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Batman: Dark Victory

Jeph Loeb and Tim Sale's sequel to The Long Halloween dredges up unresolved issues between Batman, James Gordon (newly appointed police commissioner), and Harvey Dent. The disfigured Dent—once a D.A.—now walks the other side of the fine line of the law; sprung from his cell in Arkham Asylum, Dent calls himself Two-Face, but professes not to be The Hangman, the latest serial killer to prey on Gotham (specifically the lawmen of Gotham). Complicating matters are a shady new D.A., Janice Porter; the large and hugely dsyfunctional Falcone crime family; and a newly orphaned lad who Bruce Wayne adopts his ward: Dick Grayson (a.k.a. Robin).

Dark Victory benefits from all of the same strengths as The Long Halloween, and suffers from all of the same weaknesses. Loeb retains his "cool factor" by ably revisiting the origin of Robin in the context of a much larger framework and, as always, providing cameos by a slew of familiar faces: Solomon Grundy, the Riddler, Selina Kyle/Catwoman, the Joker, the Penguin, Mr. Freeze, Poison Ivy. Loeb even incorporates Chief O'Hara, a name familiar to viewers of the '60s TV series. The villain-of-the-month structure—and the repetitive, monthly nature of the Hangman's murders and clues—parallels The Long Halloween, which undoubtedly works better serialized than in graphic-novel form.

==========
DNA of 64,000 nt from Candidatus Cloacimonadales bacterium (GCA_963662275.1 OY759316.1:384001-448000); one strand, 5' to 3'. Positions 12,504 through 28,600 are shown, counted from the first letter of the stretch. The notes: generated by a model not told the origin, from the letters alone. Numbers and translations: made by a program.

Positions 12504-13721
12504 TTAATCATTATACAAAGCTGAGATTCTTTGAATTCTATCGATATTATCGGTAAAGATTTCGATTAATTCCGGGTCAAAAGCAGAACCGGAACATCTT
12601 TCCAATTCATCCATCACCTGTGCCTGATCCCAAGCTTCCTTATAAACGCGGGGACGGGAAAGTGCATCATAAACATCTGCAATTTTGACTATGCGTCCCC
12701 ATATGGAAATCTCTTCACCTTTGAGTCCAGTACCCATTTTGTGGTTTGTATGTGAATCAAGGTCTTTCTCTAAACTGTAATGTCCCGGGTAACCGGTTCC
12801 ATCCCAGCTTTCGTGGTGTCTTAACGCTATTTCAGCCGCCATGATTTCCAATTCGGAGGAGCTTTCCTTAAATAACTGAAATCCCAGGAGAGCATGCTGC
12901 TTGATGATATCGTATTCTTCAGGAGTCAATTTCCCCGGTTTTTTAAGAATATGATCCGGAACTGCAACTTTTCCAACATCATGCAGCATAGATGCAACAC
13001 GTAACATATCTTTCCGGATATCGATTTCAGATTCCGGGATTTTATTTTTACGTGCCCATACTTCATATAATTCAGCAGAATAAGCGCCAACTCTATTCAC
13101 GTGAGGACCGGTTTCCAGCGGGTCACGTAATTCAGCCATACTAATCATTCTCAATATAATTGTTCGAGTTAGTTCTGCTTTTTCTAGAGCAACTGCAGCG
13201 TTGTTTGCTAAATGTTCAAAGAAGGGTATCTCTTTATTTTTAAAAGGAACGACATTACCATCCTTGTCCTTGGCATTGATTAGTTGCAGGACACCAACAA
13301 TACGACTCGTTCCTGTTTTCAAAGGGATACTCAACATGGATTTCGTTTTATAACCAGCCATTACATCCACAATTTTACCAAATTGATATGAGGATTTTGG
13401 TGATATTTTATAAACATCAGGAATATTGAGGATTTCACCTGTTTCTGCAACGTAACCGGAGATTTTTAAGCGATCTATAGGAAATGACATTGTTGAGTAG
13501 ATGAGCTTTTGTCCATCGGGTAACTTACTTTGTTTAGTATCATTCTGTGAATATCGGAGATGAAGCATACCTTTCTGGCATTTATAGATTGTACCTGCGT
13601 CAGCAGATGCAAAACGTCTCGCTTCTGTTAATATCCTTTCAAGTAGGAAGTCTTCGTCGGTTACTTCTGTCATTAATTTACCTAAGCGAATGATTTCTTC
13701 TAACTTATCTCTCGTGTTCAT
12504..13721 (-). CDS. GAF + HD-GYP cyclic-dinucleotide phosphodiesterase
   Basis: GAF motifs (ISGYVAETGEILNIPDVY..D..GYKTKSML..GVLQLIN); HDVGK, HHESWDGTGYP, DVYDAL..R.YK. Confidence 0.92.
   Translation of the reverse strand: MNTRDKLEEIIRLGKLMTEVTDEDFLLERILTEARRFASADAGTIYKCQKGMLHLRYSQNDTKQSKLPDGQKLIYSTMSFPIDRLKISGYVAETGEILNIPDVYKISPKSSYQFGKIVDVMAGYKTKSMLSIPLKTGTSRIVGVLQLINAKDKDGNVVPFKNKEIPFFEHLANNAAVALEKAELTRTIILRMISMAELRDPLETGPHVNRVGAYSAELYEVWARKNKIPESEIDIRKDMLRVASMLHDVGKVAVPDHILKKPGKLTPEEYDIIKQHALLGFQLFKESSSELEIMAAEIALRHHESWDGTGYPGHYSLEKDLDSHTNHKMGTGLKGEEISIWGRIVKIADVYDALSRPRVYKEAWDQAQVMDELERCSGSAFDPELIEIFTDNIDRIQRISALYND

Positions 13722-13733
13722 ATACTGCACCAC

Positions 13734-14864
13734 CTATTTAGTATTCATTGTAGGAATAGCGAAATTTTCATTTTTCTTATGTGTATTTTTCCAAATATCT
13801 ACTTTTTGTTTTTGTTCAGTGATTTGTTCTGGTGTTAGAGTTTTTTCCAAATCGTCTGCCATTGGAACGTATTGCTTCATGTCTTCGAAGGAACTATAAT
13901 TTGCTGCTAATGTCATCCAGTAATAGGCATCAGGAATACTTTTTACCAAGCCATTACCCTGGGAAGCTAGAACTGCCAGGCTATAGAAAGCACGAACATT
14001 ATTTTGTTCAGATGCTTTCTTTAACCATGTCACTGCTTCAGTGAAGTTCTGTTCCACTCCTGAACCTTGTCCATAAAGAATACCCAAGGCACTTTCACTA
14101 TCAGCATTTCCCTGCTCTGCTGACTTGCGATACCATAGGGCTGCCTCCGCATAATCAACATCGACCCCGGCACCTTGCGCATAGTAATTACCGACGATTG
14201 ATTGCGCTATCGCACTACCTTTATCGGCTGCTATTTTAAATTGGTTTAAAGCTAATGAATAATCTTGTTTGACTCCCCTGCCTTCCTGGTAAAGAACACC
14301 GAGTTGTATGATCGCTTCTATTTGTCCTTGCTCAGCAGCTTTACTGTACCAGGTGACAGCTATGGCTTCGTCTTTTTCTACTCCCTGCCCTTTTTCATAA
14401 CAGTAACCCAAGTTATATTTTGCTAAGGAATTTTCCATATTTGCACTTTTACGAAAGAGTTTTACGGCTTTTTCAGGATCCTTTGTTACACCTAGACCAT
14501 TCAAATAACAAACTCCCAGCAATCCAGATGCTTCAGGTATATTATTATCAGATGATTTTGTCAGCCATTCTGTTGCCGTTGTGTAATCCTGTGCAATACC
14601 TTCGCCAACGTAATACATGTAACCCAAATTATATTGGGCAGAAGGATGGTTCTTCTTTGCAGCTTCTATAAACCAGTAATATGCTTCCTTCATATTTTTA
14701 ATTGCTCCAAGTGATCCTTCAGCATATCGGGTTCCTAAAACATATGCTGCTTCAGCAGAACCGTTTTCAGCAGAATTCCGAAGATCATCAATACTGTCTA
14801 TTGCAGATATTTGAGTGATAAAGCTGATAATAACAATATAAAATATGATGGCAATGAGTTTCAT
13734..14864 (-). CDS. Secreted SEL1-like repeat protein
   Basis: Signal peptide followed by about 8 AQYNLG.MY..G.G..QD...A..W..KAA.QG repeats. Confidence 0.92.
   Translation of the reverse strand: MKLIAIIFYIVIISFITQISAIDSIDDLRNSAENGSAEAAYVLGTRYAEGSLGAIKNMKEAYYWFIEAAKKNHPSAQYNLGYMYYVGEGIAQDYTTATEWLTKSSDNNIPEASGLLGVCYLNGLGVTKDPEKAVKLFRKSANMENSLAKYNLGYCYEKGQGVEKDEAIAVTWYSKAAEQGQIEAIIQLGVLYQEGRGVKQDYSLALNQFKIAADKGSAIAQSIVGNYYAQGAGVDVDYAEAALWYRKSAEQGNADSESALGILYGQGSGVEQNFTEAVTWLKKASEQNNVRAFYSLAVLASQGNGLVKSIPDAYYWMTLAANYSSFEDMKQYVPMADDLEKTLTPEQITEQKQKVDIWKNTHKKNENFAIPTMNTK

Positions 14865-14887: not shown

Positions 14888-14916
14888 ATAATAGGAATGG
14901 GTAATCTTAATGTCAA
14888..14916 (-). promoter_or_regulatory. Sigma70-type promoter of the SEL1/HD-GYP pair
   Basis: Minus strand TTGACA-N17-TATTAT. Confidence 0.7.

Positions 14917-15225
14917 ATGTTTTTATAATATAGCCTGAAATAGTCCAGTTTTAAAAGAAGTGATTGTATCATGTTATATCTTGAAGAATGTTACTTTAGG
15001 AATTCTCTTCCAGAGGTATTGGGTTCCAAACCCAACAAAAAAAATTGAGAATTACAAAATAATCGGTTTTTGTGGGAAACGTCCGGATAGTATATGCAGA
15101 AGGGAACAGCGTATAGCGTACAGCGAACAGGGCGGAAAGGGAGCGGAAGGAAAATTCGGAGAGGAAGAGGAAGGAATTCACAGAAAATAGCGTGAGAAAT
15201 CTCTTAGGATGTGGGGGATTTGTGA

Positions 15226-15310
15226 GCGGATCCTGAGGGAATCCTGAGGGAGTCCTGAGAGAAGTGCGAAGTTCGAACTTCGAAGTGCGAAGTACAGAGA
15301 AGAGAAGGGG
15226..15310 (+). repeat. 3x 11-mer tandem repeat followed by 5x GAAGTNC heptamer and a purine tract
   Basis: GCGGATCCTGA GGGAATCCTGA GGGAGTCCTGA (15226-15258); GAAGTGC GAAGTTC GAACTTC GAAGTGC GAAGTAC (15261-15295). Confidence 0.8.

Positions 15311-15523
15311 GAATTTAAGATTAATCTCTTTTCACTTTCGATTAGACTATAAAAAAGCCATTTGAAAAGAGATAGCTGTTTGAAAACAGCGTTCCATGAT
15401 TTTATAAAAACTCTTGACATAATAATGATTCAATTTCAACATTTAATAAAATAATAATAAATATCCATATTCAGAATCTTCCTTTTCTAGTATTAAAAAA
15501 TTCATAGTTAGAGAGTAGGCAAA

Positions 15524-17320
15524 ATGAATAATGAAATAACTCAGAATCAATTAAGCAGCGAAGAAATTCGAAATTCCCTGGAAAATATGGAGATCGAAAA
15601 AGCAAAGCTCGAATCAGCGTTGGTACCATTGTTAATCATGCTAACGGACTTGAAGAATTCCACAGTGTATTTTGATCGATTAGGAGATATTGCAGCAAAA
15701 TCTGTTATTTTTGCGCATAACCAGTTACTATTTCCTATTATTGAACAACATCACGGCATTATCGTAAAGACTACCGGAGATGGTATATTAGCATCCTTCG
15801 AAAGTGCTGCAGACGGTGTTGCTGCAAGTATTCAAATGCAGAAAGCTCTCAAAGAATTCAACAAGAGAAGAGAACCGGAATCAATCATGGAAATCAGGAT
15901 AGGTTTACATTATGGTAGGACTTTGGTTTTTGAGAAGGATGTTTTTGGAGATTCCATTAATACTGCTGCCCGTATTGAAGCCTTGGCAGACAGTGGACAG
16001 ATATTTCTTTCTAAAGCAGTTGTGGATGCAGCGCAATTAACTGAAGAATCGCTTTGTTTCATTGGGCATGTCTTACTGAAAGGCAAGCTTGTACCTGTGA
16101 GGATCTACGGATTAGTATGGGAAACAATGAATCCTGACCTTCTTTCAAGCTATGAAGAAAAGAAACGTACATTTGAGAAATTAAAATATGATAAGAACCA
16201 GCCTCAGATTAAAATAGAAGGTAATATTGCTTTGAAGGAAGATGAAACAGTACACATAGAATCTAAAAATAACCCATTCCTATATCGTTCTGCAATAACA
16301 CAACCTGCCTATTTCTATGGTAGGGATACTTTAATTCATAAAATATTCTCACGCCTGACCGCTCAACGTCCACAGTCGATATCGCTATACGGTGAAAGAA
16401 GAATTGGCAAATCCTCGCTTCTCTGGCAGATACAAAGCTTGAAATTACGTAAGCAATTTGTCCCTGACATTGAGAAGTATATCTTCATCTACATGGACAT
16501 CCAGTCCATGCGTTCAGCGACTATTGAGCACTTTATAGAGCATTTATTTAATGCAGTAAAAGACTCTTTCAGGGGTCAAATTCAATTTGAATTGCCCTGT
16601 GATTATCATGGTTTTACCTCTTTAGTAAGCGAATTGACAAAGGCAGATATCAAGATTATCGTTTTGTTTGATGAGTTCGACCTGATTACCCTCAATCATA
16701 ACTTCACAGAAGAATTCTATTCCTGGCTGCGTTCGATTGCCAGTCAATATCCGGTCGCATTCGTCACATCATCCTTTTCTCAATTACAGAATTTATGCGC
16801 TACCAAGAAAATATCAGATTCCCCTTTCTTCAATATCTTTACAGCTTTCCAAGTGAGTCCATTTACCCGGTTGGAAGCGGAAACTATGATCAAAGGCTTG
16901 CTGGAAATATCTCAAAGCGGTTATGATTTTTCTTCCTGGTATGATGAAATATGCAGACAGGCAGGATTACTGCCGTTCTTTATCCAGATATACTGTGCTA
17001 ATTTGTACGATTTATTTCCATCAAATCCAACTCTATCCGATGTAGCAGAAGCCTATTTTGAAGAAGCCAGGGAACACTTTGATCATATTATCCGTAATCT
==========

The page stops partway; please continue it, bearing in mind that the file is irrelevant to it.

Still, people want sequels to remind them of what they loved the first time around, while "plussing" it with new revelations and developments. The characterization remains interesting: the Falcones are a lively bunch, the Batman-Gordon-Dent triumverate still generates heat, and Selina/Catwoman makes an ever-sexy double-edged foil for Bruce/Batman. As for Robin, his pint-sized petulance rings true here, in his acting out and his tentative acceptance of emotional support from Alfred and Bruce. Dick's initial contribution to the investigation is a nice scene, as well: funny and instructive about the burgeoning Batman-Robin relationship. Only pages later, Batman makes an error in judgement that provides a classic "cliffhanger."

Much of the attraction of Dark Victory is the reunion of Loeb with Sale, whose fine artwork maximizes physiognomy to express character. Gregory Wright's rich colors contribute significantly to the impact of Sale's typically large and always moody panels, often composed as two-page spreads that "splash" across the seam. Sale contributes a heartfelt intro that explains his inspiration for Robin's character, and a brief appendix offers a blow-up of the Falcone family tree seen in the story, alongside some bonus Sale character sketches. Dark Victory is nouveau Batman that, like The Long Halloween, won't be everyone's cup of tea, but like a blockbuster movie, it's a comic that makes story and spectacle events not to be missed.

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